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This paper examines the issues involved in a theft and resultant death on a cruise ship. The paper discusses questions of liability and of agreeing to the amount in damages to be paid by the cruise company to the victim. The paper describes the circumstances of the theft and laws that govern and protect those traveling at sea. In particular, the paper analyzes the Maritime Transportation Security Act. The paper concludes by suggesting an amount to be paid in damages, and further recommends that the cruise ship company look into obtaining insurance to cover harm to passengers that is the result of criminal conduct.
From the Paper:"First, one must consider the potential liability if this had occurred at a DWI owned resort on American soil. In that case, DWI would have liability for the actions of its employees. Though DWI cannot control the tortuous behavior of its clientele, by establishing the type of safety precautions they have for guests and providing guests with in-room safes, DWI represents a certain level of safety. There is no question that Mrs. Lowell would be able to recover for the theft, since the company failed to protect the in-room safes. However, it is questionable whether Mrs. Lowell could recover for the other actions because they were the result of intentional torts committed by the employees. The issue of liability would hinge on DWI's knowledge of the employees' criminal tendencies, including whether DWI performed an adequate background investigation of those employees."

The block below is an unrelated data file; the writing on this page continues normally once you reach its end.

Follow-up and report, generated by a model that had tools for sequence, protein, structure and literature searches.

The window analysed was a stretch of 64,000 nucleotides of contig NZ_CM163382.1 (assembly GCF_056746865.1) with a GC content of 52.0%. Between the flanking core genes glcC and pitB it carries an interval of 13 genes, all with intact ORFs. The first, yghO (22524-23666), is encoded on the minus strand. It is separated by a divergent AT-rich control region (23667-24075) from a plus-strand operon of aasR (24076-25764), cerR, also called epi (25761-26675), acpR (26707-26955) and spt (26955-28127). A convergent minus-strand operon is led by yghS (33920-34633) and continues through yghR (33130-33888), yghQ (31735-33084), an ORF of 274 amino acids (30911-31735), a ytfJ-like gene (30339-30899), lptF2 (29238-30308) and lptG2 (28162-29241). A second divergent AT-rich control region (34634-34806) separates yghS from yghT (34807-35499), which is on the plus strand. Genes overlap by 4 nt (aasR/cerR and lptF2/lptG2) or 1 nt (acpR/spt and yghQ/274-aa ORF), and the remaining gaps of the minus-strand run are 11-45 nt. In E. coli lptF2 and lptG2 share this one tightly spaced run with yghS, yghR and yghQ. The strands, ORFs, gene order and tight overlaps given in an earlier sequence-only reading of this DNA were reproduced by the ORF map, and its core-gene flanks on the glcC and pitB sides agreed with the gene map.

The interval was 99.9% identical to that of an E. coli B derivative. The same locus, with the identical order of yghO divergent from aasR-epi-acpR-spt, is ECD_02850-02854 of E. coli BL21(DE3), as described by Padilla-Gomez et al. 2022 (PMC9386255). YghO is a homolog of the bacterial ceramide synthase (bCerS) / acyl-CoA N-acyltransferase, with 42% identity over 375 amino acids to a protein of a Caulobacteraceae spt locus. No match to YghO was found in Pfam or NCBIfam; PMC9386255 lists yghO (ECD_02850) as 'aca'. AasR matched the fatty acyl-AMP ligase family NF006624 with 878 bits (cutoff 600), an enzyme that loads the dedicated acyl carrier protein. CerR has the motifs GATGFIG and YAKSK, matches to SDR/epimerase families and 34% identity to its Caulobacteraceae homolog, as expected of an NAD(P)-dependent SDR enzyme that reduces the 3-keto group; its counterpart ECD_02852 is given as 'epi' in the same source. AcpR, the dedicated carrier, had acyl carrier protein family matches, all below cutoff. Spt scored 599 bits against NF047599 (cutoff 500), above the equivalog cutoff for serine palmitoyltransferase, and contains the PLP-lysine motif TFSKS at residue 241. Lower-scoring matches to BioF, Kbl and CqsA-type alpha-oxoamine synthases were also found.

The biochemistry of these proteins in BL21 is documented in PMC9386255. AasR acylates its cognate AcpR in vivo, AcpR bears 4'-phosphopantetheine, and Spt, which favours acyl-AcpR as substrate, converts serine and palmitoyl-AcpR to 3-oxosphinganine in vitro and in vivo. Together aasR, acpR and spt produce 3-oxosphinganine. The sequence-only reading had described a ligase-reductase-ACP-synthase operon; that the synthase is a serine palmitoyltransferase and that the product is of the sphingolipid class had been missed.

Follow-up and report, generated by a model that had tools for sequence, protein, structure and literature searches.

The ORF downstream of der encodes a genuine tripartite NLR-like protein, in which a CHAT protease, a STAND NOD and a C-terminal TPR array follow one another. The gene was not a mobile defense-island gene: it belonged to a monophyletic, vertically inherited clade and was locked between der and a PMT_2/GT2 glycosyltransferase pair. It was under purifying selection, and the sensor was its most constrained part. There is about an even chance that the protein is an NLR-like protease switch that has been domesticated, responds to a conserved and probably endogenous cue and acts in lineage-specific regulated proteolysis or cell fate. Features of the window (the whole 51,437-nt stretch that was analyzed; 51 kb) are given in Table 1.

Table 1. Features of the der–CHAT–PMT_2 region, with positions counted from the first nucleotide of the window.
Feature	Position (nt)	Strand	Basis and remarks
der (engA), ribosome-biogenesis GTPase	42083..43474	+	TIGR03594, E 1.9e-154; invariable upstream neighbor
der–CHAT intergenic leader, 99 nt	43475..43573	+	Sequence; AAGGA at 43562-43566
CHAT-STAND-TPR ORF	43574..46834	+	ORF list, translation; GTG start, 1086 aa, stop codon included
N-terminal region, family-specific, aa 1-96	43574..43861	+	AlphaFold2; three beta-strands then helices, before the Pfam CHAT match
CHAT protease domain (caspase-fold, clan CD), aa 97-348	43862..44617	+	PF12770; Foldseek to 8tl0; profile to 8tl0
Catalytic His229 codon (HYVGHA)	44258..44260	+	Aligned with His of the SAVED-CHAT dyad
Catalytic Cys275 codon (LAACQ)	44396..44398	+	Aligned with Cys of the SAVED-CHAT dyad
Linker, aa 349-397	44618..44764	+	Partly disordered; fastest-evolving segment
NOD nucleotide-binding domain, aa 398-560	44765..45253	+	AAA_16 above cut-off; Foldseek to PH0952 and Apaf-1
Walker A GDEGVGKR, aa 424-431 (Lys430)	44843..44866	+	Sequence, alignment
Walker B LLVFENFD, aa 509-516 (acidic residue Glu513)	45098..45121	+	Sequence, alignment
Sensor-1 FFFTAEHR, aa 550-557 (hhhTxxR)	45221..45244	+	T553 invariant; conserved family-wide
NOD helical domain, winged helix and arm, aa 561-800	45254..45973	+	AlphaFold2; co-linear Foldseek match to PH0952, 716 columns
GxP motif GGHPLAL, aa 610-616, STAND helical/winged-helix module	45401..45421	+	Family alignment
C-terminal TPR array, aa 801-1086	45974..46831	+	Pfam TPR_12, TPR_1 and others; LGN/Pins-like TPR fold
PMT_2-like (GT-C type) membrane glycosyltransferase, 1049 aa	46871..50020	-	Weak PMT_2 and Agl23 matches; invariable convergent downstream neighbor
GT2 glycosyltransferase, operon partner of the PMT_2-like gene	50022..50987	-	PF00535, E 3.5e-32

Sample of Sources Used:
- Cruise Lines International Association. (2008). Personal safety and security. Retrieved December 9, 2008 from Cruise Lines International Association Web site: http://www.cruising.org/industry/personal_safety_security.cfm Fl. Stat. 731.301(b)(1).
- Gillespie, D. (2007). Survey of Illinois law: contract law. Retrieved December 9, 2008 from Southern Illinois University School of Law Web site: http://www.law.siu.edu/research/31surveypdf/gillespie.pdf
- Maritime Transportation Security Act (MTSA), 46 U.S.C.S. 701 et seq.
- US Legal. (2008). Choice of law law &legal definition. Retrieved December 9, 2008 from US Legal Web site: http://definitions.uslegal.com/c/choice-of-law/).
- U.S. Const. amend. XIII.
Cite this Case Study:
Flags of Convenience (2010, October 29) Retrieved February 07, 2023, from https://www.academon.com/case-study/flags-of-convenience-145228/
"Flags of Convenience" 29 October 2010. Web. 07 February. 2023. <https://www.academon.com/case-study/flags-of-convenience-145228/>